Part of the problem for publishers in the attempt to justify pricing for books, regardless of the form — ebook or print — is their inability to convince consumers that there is any relationship between the end product and the cost other than barebones greed. Because I am an editor (disclosure time: I am a freelance editor and am owner of Freelance Editorial Services, an independent editorial company), my perspective on what it costs to produce a book and what a publisher does differs from that I would have if I were solely a consumer; however, I am also a consumer of both ebooks and print, and not always a happy one (see my earlier post about why a good editor is important).
What a publisher brings to the table, other than high advances for authors like Stephen King, Dan Brown, and Sarah Palin, is well hidden from the consumer. What the consumer sees is only the end product. This is really no different than manufacturing an automobile or the latest pharmaceutical phenomenon or even a candidate for political office: all we consumers ever see is the finished product. And this is where publishers fail us and themselves: Publishers are doing nothing to instill consumer confidence in the publisher’s product!Consumers are buying books that are riddled with errors and are frustrated; I really hate paying $40 for a hardcover that has missing footnotes, or $14 for an ebook that regularly confuses the characters names and whether a character is dead or alive. One consumer reported a mystery novel that had the University of Georgia located in North Carolina and Duke University in Georgia. I have bought books with sentences with mixed up homonyms like “It seams that the principal reason for there work was . . .” or with unclear phrases like “using the gene deleted mice” (does the author mean that the gene got rid of the mice or that the mice were missing a particular gene — but for the want of a hyphen there goes clarity), or, as noted earlier, with character names that change nearly as often as the pages are turned.
I’ll grant that there is no such thing as the “perfectly” produced book — human beings are imperfect and make errors — but there is such a thing as quality control and paying for quality. Too many publishers, to appease shareholder appetite for high quarterly profits, are forsaking quality in the editorial process believing that consumers don’t care, or if they do care, will only grumble and buy the next book in the series anyway. This lack of editorial quality is particularly evident in ebooks that created by scanning print editions that are thrust on the market without proofing first, riddled with errors that even a first grader would recognize.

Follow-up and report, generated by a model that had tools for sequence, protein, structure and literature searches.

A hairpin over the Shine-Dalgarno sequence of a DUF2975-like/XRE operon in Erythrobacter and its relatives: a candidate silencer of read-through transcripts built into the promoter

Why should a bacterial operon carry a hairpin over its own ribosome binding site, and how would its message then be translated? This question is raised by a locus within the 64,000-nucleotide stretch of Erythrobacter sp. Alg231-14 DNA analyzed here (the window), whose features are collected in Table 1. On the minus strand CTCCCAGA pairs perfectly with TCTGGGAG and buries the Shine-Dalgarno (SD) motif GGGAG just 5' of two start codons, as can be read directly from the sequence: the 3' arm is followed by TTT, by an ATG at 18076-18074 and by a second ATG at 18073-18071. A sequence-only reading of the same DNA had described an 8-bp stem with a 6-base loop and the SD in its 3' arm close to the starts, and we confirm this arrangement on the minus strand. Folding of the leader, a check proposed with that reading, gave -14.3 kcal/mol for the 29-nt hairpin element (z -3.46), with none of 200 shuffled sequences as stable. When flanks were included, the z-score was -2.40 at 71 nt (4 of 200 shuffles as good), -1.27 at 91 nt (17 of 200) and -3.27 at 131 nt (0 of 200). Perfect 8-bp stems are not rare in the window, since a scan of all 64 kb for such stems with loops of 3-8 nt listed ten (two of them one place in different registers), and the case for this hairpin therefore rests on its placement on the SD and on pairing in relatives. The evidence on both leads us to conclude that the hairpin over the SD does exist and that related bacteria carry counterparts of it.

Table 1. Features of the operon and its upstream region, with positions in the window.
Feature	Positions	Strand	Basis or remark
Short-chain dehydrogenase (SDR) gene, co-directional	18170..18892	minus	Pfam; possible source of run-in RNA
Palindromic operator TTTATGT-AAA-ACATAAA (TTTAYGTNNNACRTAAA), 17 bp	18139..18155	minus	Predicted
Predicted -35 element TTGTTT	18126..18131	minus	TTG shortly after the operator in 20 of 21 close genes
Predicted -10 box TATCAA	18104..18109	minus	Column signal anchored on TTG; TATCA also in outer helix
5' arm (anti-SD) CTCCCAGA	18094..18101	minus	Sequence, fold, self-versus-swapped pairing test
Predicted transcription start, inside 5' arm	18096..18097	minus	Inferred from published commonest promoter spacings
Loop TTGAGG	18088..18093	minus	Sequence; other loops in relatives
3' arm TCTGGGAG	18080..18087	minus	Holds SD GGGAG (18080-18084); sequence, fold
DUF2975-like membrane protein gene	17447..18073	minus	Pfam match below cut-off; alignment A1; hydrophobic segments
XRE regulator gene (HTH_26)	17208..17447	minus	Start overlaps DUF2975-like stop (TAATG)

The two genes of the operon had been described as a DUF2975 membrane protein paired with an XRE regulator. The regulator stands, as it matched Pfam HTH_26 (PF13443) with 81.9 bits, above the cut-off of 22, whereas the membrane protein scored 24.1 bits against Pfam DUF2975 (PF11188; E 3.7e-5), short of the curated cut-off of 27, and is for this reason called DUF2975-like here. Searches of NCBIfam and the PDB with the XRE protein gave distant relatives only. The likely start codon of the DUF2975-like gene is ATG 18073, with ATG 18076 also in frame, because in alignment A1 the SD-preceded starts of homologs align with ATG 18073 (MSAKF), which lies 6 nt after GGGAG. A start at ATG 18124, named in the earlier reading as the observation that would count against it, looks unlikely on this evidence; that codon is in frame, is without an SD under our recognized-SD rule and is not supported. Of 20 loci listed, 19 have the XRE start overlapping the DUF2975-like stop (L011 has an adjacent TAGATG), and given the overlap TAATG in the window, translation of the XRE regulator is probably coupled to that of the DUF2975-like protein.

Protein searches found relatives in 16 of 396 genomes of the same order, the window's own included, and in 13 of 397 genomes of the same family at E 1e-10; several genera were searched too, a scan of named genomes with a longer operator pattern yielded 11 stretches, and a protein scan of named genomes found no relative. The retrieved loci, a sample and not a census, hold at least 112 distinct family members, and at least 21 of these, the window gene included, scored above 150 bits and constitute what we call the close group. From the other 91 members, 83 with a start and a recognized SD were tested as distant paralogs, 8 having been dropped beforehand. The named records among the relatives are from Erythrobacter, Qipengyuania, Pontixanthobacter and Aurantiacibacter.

So publishers are losing the public relations battle with consumers. The end product is not worthy of respect, and if the end product is not worthy of respect, neither is the publisher. Thus my second modest proposal: Publishers should warrant the quality of their books!
A consumer wouldn’t buy a warrantless car or TV or computer or ebook device; consumers believe that a manufacturer’s warranty indicates quality or at least that the manufacturer is willing to stand behind its product. Perhaps it is time for publishers to join the 21st century and say: “We put a lot of care and effort into our books so as to produce a quality book. When you buy our book, we assure you that it is a quality product and if it isn’t, we’ll do something about it: We stand behind every book we sell!”
A book is a commodity, no different from any other commodity except that a book is a warrantless commodity. Consumers are conditioned as a result of years of it being this way, to accept declining book quality: How many books have you returned because of poor quality in the last year? If publishers warranted the quality of their books, there would be an obvious justification, albeit an incomplete one, for the price of books.
The biggest stumbling block is figuring out how to make a warranty work and what would be warranted. When a part fails on an automobile, it is easy to identify the problem and fix it. It isn’t so easy with a book. But there are possibilities. For example, a publisher could warrant that the book contains no more than 15 misused homonyms, no obviously missing text, no more than 15 misspellings, that characters are consistent throughout (e.g., Jane doesn’t suddenly become Jayne), that the book footnote 25 cites really does exist. I’m sure you and publishers could come up with other things worth warranting.
What happens then. Perhaps the way to deal with warranty problems is to have a warranty alert website for each book where readers could post found errors. The publisher would indicate whether the errors will be corrected (and if not, why not), and when a new version will be available (or if no new version, why no new version). The consumer would then have a choice: If the consumer bought an ebook, the consumer could redownload from the original retailer the updated version. Or the consumer could choose to do nothing. With printed books it would be harder, but a little creativity would come up with solutions (e.g., a discount coupon for another book from the publisher, or the return of the book for a refund based on the book’s condition, or something else).
Okay, I admit I haven’t worked out all the details, all the ins and outs. But I offer the idea of a quality warranty because publishers need to convince consumers that publishers aren’t just greedy corporations (see The eBook Wars: The Price Battle (I)) who have no concern for their customers; they have to convince consumers that they bring something worthwhile to the world of publishing, something that is not easily replaced, and offering a quality warranty could be one step in that process. What do you think?
Editor’s note: The above has been reprinted, with permission, from Rich Adin’s An American Editor blog.